Vision for cultural education will inspire children


A review of cultural education has been published by the DfE, which includes recommendations such as setting up the first national youth dance company, an academy for young film-makers, and a national network of art and design Saturday clubs.

The review by Darren Henley covers all areas of cultural education and are intended to ensure that all children leave school as "well-rounded individuals with a knowledge of the world, past and present, around them”.
Mr Henley said many schools were already providing pupils with a high standard of cultural education, with excellent facilities and good teaching in art and design, design technology, music and the performing arts.
But he said it was now time to extend the reach of cultural education so that all children, especially those from poorer backgrounds, accessed the arts.
Education Secretary Michael Gove and Culture Minister Ed Vaizey welcomed the report. The Department for Education will invest £15 million over three years, pump-priming the system to make Mr Henley's recommendations a reality.
David Puttnam, Chair of the Cultural Learning Alliance (CLA), said: "We are pleased to see a number of our recommendations and ideas reflected in the report. Overall, it offers real potential for effective cultural learning for all children and young people.

"The forthcoming government National Plan for Cultural Education will be a critical document, as the infrastructure, funding and policy needed to make this vision a reality will centre on the place of cultural subjects in the National Curriculum and the English Baccalaureate, the role of Ofsted, and quality support and training for teachers, governors and cultural practitioners.”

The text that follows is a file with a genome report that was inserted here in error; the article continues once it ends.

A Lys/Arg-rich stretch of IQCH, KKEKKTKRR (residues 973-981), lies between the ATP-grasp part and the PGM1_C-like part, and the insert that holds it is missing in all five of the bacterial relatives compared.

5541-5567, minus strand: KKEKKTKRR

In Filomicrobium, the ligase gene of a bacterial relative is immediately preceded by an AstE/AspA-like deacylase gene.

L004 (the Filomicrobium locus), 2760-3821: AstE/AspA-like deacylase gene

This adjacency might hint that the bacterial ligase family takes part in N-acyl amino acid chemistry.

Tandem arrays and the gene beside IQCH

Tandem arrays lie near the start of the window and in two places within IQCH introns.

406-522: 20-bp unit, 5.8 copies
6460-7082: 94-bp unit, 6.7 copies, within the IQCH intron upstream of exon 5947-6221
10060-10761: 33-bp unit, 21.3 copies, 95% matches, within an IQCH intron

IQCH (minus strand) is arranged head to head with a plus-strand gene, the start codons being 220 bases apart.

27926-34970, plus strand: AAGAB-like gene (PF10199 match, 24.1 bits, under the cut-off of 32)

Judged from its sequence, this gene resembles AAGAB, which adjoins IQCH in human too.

Education Secretary Michael Gove said: "Britain has forged a well-deserved reputation in popular culture – in film, dance, music and art.
"There are some brilliant examples of schools giving their pupils the opportunity to experience the full range of cultural subjects – both in school and outside the classroom – and in many families culture is a part of their everyday lives.
"But this is not always the case. Many children, especially poorer children, do not visit museums or art galleries, or go to concerts or the theatre, with their families.
"That is why we must strengthen what is offered in schools. Cultural education must not be a closed shop for poorer pupils. I want to end any suggestion that high culture is only for the privileged few."

The schemes include:

  • A new national youth dance company
  • New national art and design Saturday clubs
  • 'Heritage schools'
  • A new film academy for young people
  • Supporting teachers to improve the quality of cultural education in schools
  • A new DfE/DCMS ministerial group
  • A new national plan for cultural education
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